A Forte overview: '22' needed to play in 2011


A Forte overview: '22' needed to play in 2011

By 3 p.m. Chicago time on Monday, Matt Forte either will have a multi-year contract with the Bears or a one-year deal paying him a guaranteed 7.74 million under the teams franchise tag. He wont be happy about the latter, may not overjoyed with what the former ends up being, but it will be his only option for the 2012 season.

It is a situation both enviable and unenviable (depending on your feelings about someone stuck with a one-year salary just a little south of 8 million.)

A question that may nag Forte and agent Adisa Bakari is whether or not there was a window of opportunity missed to this point.

It shouldnt.

The overall here is that neither Forte nor the Bears is the heavy. Two parties in a negotiation simply disagree on a value. The Bears have left a solid offer on the table for nearly a year now; Forte sees what others at his position have gotten and wants more. The Bears have an interim ceiling amount available to them under the rules and theyre using it.

(If Forte wants to take issue with anyone, it might be his players association, for reasons coming up shortly.)

Holding out no real option now or then

Holding out is sometimes the only leverage available to an NFL player. For Forte, it wasnt a realistic course of action last year and its even less of one now.

One slant on the extended Forte situation has been that he made a mistake by not holding out during camp and into the 2011 season, when his leverage perhaps was stronger. The Bears had what they considered a solid multi-year offer on the table at the time camp opened. Forte demurred and he played, played very well.

In reality Forte needed those superb weekly performances to make the case that he now has in front of the Bears. He simply was not Matt Forte, elite back going into last year.

He finished the 2010 season with only one 100-yard rushing game and two rushing touchdowns over his last five -- clearly not the stuff of elite even with his consistently high presence in the passing offense.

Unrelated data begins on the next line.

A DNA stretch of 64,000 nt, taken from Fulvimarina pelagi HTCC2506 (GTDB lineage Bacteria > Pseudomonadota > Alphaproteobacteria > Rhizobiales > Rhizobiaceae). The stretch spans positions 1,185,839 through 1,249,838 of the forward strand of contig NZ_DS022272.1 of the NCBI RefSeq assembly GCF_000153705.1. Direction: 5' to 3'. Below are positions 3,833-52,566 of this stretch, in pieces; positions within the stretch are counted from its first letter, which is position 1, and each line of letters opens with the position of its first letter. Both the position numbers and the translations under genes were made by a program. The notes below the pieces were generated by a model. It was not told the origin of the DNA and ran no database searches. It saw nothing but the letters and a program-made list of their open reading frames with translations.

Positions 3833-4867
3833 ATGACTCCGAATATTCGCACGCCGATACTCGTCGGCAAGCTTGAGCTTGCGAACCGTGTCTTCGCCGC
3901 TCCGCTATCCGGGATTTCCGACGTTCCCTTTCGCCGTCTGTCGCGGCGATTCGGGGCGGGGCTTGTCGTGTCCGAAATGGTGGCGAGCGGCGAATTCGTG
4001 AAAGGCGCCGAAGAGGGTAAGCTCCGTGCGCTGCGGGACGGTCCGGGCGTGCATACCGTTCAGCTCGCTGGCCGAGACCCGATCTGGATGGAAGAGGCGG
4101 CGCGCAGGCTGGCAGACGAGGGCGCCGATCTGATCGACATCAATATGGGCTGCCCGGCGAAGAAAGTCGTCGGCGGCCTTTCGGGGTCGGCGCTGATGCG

The 2010 season was his first ever with more than a 3.9-yard average. He needed to play in 2011, not hold out.

Indeed, a good case can be made that then-GM Jerry Angelo and the organization were offering a deal that was reflective of what they thought Forte was on his way to becoming, not so much what hed done. The Bears were not going to bury the salary needle for a back with only one of his three seasons averaging more than 4.0 yards per carry.

He was not going to pry the Bears off their position by not playing last season.

This isnt suggesting that Forte was obligated to play simply because he had a contract. That may seem like a logical point of order, but the reality of NFL contracts is that teams fail to honor contracts whenever they cut a player with time remaining on his deal. Contracts arent guaranteed beyond specified bonuses and if a team can hold out when a player has a contract, the reverse should apply as well.

And Forte was still playing under and out-performing his rookie contract, not a renegotiated longer-term deal.

For different reasons, holding out in the 2012 season hurts Forte but arguably not the Bears. They spent this offseason diversifying their offense and roster in ways that make them less dependent on Forte or any one player (even Jay Cutler, with the addition of Jason Campbell).
The time crunch